The acting in Spanglish is superb, and the fact that the script gives them well rounded characters is an added plus. Sandler takes a wonderful approach to John Clasky, a guy who struggles to be a nice guy in front of his family, which means he expends his frustration shouting in his car when they aren’t around. Sandler will make it to Oscar-caliber drama one day, but I don’t think this film is the one for him yet. Leoni plays the perfect bitch, although one gets the feeling the character might be a little too close to the personality she’s perceived as having through the press. The two actors create this perfect dynamic of complete and total opposites, and it makes you wonder how these people even ended up together, although not to the point that it distracts from the film (and it is explained for those who are quick to pick up on things). Paz Vega proves with her American debut that she’s more than just a pretty face (although she definitely is that too) with a complex role. Her facial reactions alone are incredible, particularly when her character doesn’t speak English, or is learning it. Even the kids avoid being overly cute or general bad acting in favor of developing characters that you can relate to. For me the real accomplishment of the film is Cloris Leachman who I’m typically not a fan of. She makes a really memorable character out of Evelyn Norwhich - Deborah’s alcoholic mother. The only character who really suffers anything is the Clasky son, Georgie, who really doesn’t have a purpose for being in the movie other than to give the Claskys more than one kid.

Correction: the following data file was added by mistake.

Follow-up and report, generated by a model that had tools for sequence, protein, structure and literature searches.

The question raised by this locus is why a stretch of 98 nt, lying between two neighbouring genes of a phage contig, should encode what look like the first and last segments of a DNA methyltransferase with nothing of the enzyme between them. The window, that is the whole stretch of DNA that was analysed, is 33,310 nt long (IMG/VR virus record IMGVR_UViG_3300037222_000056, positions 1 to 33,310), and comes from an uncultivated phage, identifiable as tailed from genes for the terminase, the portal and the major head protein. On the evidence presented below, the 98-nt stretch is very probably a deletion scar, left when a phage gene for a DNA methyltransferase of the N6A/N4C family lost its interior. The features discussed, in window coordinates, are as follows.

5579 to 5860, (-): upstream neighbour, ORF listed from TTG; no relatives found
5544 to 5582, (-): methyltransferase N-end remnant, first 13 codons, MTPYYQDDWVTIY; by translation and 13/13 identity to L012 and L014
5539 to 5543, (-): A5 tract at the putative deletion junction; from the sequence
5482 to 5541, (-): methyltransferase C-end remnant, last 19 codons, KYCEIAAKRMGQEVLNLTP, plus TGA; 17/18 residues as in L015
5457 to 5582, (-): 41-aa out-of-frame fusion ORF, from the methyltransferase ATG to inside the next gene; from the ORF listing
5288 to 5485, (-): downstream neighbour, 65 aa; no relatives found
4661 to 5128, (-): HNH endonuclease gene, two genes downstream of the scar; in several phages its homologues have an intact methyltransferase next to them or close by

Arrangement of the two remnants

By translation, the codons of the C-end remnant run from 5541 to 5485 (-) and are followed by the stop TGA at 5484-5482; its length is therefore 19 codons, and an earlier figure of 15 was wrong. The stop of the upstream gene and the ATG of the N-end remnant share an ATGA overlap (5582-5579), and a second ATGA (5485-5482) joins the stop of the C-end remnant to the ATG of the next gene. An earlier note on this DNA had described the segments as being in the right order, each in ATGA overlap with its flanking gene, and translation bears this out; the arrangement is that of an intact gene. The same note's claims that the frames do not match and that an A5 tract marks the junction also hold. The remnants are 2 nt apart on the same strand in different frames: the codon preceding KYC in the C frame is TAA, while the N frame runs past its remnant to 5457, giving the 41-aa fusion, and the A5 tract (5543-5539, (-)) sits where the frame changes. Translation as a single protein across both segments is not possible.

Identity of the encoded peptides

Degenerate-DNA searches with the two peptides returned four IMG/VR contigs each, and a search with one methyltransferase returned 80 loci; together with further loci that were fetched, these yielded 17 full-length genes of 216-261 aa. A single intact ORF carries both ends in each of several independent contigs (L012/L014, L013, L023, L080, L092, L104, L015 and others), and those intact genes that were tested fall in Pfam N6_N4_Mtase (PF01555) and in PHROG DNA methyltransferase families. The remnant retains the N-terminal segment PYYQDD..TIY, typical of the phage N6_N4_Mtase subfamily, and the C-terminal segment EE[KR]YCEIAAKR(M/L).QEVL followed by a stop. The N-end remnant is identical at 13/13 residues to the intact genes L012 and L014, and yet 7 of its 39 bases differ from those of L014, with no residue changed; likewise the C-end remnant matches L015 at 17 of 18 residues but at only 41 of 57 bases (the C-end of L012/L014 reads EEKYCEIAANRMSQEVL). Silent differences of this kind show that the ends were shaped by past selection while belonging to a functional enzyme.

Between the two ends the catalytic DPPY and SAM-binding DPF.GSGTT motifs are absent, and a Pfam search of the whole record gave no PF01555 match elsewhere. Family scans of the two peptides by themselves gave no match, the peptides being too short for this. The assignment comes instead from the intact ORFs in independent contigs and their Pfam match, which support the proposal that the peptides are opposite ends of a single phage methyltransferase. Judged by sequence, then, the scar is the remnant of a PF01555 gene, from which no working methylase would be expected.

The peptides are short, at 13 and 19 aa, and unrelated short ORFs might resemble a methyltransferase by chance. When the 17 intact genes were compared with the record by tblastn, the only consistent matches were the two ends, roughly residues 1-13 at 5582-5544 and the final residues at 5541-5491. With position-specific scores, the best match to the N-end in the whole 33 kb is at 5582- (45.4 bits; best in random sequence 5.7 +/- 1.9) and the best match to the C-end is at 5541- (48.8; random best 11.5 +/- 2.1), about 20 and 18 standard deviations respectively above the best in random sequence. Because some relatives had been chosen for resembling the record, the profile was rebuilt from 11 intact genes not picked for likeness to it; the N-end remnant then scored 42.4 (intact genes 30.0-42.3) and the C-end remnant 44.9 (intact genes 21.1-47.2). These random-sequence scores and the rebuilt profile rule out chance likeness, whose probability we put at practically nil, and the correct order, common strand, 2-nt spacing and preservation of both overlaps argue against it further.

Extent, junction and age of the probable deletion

I’m okay with the story of the movie being different from the trailer, but there is one thing the trailer has going for it the movie doesn’t - editing. There are at least two moments presented differently in the film’s initial trailer, and are better in the trailer than in the final product. The first is a small joke about Evelyn’s drinking problem that would be easy to overlook. The second, however, is a big deal. Every commercial and trailer I’ve seen for Spanglish has presented Sandler’s character’s big speech on kids (“Worrying about your kids is sanity, and being that sane... can drive you nuts”). The first trailer for the film had an extended version of the speech that really stuck with me, and it appalled me to discover wasn’t in the film. The truncated version of the speech is nowhere near as powerful, and that’s a real shame.

Spanglish proves that strong relatable characters and a deeply emotional story just doesn’t cut it if you don’t have a decent ending. While I probably would have been embarrassed to enjoy a more “Hollywood” finale, it would have been a step above the lack of an ending we get with the movie. Although it’s nice to see the characters built up so their lives extend beyond the span of the film, it would have been better to see some sort of resolution for more of them, particularly for the Clasky family. Since they aren’t the primary focus, it feels as if we join them in the middle of one crisis, and leave them in the middle of another. When you have characters this strong, the audience is going to want some sort of closure, something Spanglish fails to deliver. In the end that’s most likely going to cost the movie and its actors the credit and honor they would otherwise deserve.